The newest Martian, a robot named Perseverance, is alive and well after his first day and night on the red planet, NASA scientists and engineers said Friday. Members of the triumphant team that manages the spaceship were delighted as they shared images captured by the cameras during landing and after the rover reached the surface.
“As scientists, we’re used to the engineers showing us animations of the rover, and that’s what I thought at first,” said Katie Stack Morgan, assistant project scientist for the mission at NASA’s Jet Propulsion Laboratory of the Images. “And then I took it twice and said this is the actual rover.”
The image shared by NASA showed the rover in the final phase of its landing when a part of the spacecraft known as a sky crane, sometimes compared to a jetpack, gently lowered the vehicle to the surface.
“We are overwhelmed with excitement and overjoyed to have successfully landed another rover on the surface of Mars,” said Adam Steltzner, chief engineer of the rover mission.
The system was also used during the Curiosity Rover’s landing in 2012 and contributed to the safe arrival of both robot researchers on the difficult terrain of the fourth planet in front of the sun. After the rover landed, the sky crane flew to a safe location where landing would not harm the mission.
Another photo taken by the Mars Reconnaissance Orbiter, a NASA spacecraft that has been exploring Mars from space since 2006, showed the rover hanging on its parachute as it soared over the Martian terrain. The rover hangs over Jezero Crater, the location NASA selected for their final Mars landing.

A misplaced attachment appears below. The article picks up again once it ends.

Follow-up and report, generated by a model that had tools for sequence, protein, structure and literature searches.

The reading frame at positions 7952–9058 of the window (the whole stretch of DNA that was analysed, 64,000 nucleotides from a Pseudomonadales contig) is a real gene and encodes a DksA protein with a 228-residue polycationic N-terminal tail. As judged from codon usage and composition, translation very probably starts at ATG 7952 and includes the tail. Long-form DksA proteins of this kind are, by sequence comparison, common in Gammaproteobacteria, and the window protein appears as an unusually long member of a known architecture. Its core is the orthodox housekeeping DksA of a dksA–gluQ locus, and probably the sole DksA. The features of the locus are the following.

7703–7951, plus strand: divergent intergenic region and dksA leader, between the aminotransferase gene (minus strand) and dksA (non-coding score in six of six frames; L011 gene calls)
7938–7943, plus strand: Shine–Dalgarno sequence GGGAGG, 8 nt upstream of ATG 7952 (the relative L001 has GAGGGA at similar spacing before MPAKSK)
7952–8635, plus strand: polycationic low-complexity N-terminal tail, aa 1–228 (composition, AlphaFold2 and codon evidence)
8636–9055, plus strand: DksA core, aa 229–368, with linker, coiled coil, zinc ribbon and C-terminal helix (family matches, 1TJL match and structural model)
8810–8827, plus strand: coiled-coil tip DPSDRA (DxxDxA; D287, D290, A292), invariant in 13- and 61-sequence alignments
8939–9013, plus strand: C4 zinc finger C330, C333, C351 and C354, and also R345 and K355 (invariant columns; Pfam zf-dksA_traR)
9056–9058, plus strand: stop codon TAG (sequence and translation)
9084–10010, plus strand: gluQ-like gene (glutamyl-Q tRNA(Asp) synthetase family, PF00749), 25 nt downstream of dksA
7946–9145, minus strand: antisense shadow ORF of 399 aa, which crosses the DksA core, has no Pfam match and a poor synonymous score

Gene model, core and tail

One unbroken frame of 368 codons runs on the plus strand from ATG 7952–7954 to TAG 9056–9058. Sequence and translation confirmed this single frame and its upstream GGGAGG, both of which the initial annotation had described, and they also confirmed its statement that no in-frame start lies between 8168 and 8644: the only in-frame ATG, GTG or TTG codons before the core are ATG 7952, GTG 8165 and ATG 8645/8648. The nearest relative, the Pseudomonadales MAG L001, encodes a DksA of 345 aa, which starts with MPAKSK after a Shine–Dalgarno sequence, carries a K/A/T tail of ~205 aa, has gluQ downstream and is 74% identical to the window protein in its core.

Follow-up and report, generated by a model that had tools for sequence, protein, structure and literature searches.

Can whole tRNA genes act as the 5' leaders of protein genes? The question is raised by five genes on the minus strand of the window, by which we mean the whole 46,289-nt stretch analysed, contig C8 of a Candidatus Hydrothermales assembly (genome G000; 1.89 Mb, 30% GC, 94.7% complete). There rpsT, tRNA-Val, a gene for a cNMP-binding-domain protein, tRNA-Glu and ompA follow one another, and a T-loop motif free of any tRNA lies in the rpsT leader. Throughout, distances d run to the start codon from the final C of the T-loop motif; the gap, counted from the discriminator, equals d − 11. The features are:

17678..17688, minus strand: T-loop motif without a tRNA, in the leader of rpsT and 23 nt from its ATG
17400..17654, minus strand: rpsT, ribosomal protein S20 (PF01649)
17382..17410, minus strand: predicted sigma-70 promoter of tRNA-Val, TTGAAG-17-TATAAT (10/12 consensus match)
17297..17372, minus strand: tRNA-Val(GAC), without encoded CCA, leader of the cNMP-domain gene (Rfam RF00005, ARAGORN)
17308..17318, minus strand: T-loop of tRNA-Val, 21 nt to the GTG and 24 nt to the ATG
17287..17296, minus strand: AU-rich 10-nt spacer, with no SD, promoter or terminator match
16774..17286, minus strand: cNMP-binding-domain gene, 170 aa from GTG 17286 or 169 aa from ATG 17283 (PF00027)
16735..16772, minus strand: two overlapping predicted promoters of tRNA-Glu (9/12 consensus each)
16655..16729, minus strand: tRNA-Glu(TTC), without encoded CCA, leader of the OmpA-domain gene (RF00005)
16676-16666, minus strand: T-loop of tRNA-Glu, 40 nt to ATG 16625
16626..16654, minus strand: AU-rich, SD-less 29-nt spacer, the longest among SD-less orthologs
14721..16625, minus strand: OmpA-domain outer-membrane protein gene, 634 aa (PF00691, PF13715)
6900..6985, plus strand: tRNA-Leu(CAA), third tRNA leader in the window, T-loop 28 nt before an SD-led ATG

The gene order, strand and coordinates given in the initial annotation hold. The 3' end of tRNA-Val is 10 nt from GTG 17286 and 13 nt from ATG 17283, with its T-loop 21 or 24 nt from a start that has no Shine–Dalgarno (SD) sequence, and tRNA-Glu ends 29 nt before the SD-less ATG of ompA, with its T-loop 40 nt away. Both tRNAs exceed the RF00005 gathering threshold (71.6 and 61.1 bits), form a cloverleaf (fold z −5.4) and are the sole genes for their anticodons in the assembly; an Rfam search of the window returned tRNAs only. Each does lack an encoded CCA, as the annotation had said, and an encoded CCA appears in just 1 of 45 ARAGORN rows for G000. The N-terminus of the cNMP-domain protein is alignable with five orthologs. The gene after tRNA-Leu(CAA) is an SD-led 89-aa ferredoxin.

The rover landed in a small rock-strewn plaza in the center of Jezero crater, which was thought to be the dry basin of a lake that existed 3.8 billion years ago. It’s near a rougher area of broken terrain that scientists named Canyon de Chelly after the Navajo Arizona site of the same name. The rover is approximately 1.25 miles from a river delta. Scientists believe it is a prime place to look for chemical signatures of ancient microbial life.
One of the mission’s first scientific tasks will be to examine the rocks in this crater and find out whether they are volcanic basalt or sedimentary rocks. If the rocks are sedimentary, they could have been habitable long ago; If they are volcanic, geologists can calculate their age.